[R] A somewhat off the line question to a log normal distrib

Robin Hankin r.hankin at soc.soton.ac.uk
Thu Dec 2 13:22:29 CET 2004

[stuff about the CLT deleted]

> So you can use R usefully to eveluate general statisical
> issues of this kind!

absolutely!  R is excellent for this sort of thing.  I use it for 
teaching stats all the time.
I'd say that without a tool like R you cannot learn statistics.

Consider an exponential distribution, which is very skewed.

f <- function(n){mean(rexp(n))}

then f(10) gives the mean of 10 independent exponentially distributed 
variables.  Then


gives us a histogram of 10000 observations of a variable that is itself 
the mean of 10 exponential variables.  It still looks a bit skew to me. 
  Try 100 exponential variables:


Still a tiny bit skew.

which is indistinguishable from a Gaussian.

So as n -> infinity, the CLT kicks in.  But here 100 is a bit less than 
infinity and 1000 ~= infinity.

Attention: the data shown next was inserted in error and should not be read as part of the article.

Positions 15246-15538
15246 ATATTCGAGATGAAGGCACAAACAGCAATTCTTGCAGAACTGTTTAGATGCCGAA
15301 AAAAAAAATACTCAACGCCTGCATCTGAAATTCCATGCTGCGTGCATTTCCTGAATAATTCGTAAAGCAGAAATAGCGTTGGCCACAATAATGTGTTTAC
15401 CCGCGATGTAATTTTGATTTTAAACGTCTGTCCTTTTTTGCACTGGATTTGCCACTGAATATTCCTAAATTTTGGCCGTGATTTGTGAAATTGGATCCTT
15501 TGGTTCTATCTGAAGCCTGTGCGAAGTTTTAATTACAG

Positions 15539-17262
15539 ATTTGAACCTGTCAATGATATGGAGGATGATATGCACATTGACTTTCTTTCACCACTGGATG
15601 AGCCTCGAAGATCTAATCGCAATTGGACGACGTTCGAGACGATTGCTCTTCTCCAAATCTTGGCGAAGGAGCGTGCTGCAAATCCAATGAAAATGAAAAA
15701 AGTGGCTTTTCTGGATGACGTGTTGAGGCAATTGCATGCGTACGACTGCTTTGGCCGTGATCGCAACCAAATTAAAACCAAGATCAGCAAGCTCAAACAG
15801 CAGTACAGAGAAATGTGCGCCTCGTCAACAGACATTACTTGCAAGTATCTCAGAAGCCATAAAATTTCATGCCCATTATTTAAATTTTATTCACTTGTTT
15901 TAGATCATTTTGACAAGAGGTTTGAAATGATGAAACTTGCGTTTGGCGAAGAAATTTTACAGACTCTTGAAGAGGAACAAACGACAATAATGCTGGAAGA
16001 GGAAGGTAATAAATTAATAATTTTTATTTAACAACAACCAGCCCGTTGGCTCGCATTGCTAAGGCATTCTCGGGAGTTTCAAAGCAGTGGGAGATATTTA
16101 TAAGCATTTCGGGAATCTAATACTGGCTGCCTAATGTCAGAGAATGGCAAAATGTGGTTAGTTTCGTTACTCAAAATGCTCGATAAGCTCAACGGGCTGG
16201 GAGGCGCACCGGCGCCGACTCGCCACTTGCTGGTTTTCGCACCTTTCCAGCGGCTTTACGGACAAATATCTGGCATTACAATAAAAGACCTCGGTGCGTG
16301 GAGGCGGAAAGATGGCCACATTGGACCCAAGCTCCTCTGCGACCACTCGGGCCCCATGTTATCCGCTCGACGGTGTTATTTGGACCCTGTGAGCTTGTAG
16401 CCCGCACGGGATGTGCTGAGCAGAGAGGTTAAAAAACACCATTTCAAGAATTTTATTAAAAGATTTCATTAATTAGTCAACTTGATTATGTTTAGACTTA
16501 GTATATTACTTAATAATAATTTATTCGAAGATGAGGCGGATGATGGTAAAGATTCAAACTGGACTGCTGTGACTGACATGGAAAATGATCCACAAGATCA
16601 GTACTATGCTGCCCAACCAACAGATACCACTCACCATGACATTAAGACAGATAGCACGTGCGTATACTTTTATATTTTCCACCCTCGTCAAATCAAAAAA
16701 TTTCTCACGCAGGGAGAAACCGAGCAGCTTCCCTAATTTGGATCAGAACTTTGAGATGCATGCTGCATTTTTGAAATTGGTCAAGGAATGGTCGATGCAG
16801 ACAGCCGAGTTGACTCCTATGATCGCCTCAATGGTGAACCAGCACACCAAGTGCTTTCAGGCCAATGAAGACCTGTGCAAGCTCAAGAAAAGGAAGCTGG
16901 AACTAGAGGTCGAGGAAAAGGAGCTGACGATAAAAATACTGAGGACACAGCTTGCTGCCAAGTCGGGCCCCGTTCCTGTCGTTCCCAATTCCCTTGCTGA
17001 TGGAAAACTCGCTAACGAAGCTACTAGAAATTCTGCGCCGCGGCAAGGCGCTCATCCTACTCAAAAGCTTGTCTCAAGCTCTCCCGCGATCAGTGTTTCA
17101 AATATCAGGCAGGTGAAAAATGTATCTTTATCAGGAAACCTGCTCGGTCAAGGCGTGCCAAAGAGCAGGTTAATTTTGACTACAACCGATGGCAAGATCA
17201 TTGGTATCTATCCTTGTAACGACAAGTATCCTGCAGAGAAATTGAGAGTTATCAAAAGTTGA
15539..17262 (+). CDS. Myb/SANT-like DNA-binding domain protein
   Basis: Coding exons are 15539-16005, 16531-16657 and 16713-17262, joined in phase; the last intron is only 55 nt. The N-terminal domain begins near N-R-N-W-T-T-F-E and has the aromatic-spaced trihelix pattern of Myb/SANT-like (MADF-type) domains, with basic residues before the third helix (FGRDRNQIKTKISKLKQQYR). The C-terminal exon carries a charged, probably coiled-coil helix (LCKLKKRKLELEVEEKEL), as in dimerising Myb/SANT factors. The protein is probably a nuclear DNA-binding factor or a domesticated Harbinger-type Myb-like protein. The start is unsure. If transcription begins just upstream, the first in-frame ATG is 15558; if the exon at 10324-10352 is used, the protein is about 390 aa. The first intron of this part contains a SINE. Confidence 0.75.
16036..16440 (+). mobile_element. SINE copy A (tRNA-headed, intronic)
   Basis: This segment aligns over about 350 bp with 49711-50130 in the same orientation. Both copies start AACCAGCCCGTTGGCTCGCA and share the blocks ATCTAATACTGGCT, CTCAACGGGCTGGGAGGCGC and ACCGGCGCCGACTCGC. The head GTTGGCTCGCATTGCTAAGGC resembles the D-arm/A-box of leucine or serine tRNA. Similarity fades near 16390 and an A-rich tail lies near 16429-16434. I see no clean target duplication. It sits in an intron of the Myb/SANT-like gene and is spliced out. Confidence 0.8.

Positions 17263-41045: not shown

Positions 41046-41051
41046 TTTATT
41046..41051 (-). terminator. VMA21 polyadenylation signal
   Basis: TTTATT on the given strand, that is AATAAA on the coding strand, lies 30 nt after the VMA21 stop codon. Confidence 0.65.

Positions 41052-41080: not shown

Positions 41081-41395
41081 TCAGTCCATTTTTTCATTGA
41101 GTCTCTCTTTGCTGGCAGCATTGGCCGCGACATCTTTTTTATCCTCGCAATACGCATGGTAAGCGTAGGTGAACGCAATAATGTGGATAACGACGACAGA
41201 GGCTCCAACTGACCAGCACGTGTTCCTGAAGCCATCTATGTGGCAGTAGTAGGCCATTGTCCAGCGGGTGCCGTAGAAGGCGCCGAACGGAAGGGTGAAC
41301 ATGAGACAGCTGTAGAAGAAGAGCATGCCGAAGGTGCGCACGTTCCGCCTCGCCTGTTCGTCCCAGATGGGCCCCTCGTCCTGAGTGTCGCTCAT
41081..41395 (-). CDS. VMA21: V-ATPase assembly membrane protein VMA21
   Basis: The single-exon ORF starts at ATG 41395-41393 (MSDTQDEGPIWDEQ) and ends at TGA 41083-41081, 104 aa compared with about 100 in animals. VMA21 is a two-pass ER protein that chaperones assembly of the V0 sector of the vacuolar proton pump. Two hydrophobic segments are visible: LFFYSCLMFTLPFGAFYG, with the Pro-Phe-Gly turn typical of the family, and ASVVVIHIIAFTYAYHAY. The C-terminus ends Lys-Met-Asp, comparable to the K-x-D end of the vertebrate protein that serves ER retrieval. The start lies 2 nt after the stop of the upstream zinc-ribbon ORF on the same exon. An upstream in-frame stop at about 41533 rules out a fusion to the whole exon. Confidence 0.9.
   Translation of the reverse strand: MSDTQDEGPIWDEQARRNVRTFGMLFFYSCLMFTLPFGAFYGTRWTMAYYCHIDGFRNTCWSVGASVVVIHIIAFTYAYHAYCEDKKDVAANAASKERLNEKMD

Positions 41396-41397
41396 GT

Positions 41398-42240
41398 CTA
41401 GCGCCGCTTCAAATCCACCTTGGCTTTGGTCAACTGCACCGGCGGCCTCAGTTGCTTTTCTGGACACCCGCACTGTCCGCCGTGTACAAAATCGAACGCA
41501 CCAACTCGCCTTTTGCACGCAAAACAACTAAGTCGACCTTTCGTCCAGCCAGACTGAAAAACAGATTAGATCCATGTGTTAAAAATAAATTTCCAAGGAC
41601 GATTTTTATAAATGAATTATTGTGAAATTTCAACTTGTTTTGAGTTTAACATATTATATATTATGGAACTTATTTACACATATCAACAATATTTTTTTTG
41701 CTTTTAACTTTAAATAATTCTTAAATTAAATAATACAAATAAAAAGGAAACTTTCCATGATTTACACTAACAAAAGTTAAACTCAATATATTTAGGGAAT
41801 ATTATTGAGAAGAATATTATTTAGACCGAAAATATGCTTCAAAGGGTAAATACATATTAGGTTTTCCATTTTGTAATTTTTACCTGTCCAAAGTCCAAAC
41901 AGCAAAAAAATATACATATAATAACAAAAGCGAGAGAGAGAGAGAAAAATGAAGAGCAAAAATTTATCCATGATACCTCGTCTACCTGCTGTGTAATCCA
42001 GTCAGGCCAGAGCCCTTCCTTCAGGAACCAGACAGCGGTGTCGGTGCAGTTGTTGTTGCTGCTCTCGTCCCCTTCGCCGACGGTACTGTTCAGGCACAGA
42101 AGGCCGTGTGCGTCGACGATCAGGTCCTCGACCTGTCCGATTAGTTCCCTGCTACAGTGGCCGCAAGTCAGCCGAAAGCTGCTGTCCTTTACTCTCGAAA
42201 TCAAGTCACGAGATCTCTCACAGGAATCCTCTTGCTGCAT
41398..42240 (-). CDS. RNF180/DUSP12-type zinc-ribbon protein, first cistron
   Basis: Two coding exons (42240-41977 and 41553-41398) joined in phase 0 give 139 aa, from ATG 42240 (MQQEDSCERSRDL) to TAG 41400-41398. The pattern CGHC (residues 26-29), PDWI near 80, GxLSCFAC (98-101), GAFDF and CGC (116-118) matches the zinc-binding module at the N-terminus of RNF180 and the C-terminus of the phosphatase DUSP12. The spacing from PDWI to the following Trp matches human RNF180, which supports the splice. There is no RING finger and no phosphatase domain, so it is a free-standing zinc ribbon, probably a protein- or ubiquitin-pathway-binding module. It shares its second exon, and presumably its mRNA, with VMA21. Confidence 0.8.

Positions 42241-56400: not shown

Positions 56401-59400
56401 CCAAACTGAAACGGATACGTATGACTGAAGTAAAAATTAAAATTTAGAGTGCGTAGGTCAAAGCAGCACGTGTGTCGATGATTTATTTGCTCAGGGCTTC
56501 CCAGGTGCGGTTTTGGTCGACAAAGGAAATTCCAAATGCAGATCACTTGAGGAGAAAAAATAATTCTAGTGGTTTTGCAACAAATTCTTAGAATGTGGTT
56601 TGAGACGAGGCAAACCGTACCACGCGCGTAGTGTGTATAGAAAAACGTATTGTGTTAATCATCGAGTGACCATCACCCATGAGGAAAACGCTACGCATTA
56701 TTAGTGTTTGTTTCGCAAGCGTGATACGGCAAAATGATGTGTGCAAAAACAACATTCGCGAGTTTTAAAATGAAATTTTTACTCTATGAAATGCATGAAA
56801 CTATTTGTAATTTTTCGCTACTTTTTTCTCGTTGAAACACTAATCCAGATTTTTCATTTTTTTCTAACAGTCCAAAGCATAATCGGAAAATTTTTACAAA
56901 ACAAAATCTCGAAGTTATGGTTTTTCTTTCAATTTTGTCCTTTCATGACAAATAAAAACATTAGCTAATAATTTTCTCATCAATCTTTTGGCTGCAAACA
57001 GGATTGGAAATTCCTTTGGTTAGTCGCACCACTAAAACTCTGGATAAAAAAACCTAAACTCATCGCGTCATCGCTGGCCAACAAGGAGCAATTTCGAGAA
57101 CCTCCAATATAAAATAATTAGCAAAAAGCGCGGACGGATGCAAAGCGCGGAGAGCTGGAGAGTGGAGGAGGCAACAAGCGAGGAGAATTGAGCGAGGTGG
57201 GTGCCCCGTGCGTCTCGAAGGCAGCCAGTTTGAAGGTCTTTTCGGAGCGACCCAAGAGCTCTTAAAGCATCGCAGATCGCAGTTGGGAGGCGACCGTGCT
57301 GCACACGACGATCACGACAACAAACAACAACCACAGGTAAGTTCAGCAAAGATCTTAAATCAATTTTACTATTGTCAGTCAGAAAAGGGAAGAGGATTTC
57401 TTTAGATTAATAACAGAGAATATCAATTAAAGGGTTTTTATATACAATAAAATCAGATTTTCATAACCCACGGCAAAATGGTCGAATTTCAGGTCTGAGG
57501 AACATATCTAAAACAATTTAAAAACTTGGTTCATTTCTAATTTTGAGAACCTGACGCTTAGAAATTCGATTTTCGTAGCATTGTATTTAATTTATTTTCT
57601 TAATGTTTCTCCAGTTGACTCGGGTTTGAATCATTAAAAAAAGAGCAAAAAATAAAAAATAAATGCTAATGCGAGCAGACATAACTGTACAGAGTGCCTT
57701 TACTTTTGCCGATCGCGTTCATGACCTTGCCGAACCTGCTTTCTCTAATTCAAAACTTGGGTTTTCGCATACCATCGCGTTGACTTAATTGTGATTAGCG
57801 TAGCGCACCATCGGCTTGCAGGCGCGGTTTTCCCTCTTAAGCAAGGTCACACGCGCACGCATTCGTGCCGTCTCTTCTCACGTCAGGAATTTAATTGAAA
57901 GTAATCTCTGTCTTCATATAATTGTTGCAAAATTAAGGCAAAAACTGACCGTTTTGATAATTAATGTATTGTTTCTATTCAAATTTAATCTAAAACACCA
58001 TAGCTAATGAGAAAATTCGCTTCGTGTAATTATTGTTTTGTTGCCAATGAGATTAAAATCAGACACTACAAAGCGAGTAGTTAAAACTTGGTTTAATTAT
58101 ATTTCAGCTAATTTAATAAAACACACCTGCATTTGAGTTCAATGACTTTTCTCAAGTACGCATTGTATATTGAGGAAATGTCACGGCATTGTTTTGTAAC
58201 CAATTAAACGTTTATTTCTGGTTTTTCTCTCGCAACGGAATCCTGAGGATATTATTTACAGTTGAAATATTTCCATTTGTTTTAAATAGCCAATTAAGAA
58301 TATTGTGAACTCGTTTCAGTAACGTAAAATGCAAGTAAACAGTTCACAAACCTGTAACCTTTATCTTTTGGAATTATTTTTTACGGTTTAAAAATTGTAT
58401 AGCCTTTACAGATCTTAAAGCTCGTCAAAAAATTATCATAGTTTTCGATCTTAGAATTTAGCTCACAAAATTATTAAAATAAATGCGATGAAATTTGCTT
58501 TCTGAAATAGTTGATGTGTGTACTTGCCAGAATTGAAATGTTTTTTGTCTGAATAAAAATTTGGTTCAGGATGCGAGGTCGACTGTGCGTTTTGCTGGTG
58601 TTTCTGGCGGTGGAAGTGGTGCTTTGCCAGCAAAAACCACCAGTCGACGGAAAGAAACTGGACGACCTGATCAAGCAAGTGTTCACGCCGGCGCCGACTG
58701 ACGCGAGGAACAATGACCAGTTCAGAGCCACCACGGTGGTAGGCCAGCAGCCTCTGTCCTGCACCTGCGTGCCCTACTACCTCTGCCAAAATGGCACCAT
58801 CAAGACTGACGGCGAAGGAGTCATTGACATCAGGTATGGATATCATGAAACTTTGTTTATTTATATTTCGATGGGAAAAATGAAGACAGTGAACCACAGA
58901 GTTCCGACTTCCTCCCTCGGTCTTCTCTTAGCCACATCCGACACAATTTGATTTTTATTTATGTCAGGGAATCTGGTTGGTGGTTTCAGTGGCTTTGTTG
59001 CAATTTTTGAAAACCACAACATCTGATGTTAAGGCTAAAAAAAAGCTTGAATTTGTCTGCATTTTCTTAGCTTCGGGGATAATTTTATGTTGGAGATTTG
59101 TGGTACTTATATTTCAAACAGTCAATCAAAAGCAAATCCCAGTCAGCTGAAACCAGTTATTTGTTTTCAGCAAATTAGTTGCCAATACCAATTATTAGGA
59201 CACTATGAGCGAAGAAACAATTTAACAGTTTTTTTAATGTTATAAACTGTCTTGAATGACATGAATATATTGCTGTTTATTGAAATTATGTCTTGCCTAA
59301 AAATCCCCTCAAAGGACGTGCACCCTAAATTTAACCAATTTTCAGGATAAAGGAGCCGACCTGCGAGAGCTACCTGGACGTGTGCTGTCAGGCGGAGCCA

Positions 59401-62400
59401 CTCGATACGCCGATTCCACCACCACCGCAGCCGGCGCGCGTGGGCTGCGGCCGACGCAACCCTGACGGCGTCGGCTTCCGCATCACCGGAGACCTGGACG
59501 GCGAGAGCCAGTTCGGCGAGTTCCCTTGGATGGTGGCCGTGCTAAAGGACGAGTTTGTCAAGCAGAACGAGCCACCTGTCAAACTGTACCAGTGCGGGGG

It's one thing to know a theoretical result, it's quite another to 
verify it numerically.

Kia Ora

> Best wishes,
> Ted.
> --------------------------------------------------------------------
> E-Mail: (Ted Harding) <Ted.Harding at nessie.mcc.ac.uk>
> Fax-to-email: +44 (0)870 094 0861  [NB: New number!]
> Date: 02-Dec-04                                       Time: 11:30:01
> ------------------------------ XFMail ------------------------------
> ______________________________________________
> R-help at stat.math.ethz.ch mailing list
> https://stat.ethz.ch/mailman/listinfo/r-help
> PLEASE do read the posting guide! 
> http://www.R-project.org/posting-guide.html

More information about the R-help mailing list